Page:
On the other side of the scale, Credit Suisse estimates that India and Africa (yes, a whole continent rather than one country) make up just 1.1% and 0.6% of the global high wealth bands, yet India makes up circa 17.74% of the global population; Africa 16.64%.

So why is that an issue?

First problem: this wealth disparity is distorting the way social need is addressed. The funder dictates the issue and their approach gets tied up in their value base, their view of world problems, and their decision on the best solution.

The concentration of wealth can be literal, not just figurative. In Tower Hamlets there are so many financial powerhouses investing in social mobility on their doorstep that some companies are breaking out into new boroughs because of the overcrowding. The Credit Suisse report makes us wonder how this plays out at a global level.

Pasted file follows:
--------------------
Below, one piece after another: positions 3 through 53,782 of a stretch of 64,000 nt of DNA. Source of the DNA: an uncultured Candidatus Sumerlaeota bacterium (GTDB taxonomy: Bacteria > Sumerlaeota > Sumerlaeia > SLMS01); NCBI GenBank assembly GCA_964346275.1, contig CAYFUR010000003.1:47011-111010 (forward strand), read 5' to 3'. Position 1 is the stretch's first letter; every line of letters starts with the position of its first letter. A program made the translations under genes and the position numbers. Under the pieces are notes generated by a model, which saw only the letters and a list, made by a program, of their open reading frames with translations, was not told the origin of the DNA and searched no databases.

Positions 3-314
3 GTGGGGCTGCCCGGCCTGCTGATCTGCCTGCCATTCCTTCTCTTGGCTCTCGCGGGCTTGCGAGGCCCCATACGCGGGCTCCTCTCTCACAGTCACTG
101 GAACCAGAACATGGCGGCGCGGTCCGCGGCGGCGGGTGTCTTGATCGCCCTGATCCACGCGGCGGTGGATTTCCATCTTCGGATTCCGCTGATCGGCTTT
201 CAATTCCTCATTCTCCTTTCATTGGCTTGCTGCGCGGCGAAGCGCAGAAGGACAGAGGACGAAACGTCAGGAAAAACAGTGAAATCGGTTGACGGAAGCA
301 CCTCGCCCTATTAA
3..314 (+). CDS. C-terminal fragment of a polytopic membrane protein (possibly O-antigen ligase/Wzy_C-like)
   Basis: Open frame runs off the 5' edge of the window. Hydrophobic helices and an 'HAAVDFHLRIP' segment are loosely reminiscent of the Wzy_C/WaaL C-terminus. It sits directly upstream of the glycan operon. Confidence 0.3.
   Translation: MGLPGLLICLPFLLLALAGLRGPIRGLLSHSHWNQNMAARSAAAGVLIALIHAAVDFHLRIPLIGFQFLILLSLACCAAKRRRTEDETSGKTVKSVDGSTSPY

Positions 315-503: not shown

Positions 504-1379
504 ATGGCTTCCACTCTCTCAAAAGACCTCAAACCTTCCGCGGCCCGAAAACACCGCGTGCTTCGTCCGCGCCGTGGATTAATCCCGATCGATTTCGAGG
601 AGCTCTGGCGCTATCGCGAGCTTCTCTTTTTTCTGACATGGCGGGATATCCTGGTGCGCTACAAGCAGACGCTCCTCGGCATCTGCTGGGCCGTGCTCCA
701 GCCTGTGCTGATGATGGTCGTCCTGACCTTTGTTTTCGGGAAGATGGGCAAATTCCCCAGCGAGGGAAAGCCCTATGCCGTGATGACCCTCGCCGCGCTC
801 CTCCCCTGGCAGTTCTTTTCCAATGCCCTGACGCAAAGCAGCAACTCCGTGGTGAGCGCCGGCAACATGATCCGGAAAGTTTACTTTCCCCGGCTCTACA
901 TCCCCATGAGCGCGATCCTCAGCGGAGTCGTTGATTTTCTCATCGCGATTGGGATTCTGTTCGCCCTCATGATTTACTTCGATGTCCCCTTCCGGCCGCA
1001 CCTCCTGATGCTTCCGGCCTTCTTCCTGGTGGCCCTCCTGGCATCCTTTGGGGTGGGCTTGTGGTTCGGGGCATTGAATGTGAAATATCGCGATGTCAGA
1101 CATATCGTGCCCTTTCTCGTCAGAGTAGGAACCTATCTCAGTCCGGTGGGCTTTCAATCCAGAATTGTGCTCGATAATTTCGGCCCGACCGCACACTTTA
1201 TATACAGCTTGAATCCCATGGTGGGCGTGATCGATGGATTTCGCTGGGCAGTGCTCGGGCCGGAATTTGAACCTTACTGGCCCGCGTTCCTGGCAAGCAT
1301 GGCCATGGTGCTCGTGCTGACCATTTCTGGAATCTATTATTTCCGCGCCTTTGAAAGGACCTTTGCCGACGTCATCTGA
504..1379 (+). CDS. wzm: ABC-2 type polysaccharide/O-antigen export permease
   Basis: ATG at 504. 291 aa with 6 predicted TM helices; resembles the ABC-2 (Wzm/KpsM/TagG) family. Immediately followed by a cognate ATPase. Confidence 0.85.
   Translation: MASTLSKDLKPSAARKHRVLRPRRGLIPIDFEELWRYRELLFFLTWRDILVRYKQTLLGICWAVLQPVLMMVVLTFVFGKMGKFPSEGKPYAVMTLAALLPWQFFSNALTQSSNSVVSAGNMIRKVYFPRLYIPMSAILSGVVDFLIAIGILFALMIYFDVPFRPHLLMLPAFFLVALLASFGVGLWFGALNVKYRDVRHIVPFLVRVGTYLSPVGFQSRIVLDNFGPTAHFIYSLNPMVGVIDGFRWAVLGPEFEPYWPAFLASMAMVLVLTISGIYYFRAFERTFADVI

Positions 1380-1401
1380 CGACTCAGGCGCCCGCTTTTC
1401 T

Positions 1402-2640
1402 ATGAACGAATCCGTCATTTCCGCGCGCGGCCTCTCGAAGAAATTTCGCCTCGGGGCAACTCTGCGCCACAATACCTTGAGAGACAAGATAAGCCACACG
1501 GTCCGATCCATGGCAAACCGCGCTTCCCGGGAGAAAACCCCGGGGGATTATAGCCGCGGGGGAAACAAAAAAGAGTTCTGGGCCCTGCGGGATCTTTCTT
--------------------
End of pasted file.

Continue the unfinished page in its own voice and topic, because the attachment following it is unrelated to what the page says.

At the macro level, build-ups of wealth are skewing the way corporate and private philanthropists are providing support and who benefits. Did you see that reportedly just 1% of the Harding donation to Cambridge University will be allocated to disadvantaged students AND minority ethnic backgrounds?

Apparently those two areas fall in the same bucket. And in terms of how support is provided, I could give you anonymised examples of a number of companies who deliver exactly the same type of interventions as each other. This type of approach is delivered for the convenience of the funder, rather than utility for the beneficiary. But we still call it ‘philanthropy’.

Second problem: accumulation of wealth creates a power imbalance that gives wealthy donors more authority in decision making.